Whitehaven Coal’s controversial Maules Creek mine is set to go ahead after the Federal Court dismissed a challenge by environmental groups.
The company said it will ramp up construction of the $767 million project, located near Narrabri, after a court dismissed the challenge from the Northern Inland Council for the Environment (NICE).
The group claim Burke approved the mine without viewing an adequate offset package.
NICE said it will review the court’s judgement and seek advice on possible grounds for an appeal.
The group's spokesman, Phil Spark, said the decision confirms "our Federal environment laws are broken, and that they cannot protect farmers or the environment from reckless coal mining."
"Despite this decision today, there is still a huge legal cloud hanging over the Whitehaven Maules Creek coal mine, which warrants a proper public investigation,” Sparks said.
"Independent scientists have revealed that the approval for the mine was based on false information, and the relationship between Whitehaven Coal and the National Party is under scrutiny after the company was fined recently for undeclared political donations."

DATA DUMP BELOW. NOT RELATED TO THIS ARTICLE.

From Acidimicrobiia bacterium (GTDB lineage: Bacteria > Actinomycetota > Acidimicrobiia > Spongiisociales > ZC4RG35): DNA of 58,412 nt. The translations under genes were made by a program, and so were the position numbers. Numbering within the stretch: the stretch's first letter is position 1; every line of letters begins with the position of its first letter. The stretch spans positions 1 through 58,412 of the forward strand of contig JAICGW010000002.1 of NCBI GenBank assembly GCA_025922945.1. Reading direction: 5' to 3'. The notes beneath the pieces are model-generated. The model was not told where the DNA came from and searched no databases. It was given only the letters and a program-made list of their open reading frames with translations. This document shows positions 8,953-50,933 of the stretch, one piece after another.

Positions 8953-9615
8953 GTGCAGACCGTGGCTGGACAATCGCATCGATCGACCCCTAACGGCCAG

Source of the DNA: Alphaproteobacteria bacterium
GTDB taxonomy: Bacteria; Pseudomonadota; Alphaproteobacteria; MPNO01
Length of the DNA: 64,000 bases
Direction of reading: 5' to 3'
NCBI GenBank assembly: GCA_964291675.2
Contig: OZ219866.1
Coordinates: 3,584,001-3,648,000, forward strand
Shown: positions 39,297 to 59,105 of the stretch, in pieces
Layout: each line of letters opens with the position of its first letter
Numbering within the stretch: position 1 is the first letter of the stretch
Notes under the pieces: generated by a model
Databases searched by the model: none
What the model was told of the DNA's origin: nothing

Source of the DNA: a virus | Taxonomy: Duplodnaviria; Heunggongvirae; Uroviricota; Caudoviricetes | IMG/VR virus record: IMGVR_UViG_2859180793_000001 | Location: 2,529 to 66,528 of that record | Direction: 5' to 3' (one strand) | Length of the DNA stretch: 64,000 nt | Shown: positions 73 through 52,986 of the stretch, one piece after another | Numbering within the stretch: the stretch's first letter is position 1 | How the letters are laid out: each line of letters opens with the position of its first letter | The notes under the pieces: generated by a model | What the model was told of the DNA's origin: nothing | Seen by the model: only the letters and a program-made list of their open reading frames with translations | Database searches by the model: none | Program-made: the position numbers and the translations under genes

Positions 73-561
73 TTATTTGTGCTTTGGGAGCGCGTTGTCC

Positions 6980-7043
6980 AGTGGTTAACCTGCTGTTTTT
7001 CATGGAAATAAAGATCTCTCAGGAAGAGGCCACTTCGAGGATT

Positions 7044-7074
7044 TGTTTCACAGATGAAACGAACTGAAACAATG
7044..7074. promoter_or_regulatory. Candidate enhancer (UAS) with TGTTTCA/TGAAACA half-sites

Whitehaven Coal welcomed the decision stating the mine project has undergone rigorous scrutiny from regulatory agencies.
Managing director Paul Flynn said the company was getting on with the job of building the mine.
“We are absolutely determined to maintain momentum and achieve first coal sales in the first quarter of CY2015,” Flynn said.
Once at full production, Maules Creek will produce 13 million tonnes annually, of which 10.5 million tonnes will be saleable coal.
The mine is expected to create over 800 jobs and will pay $6.5 billion in royalties and corporate tax over the first 21 years of the project.
The Federal Court decision also clears the way for the Boggabri coal mine to be expanded by Idemitsu Australia, another project that was being challenged by the Northern Inland Council for the Environment.
Protests at both sites are common, with environmental groups promising to do what they can to hamstring the development of coal mines in the area.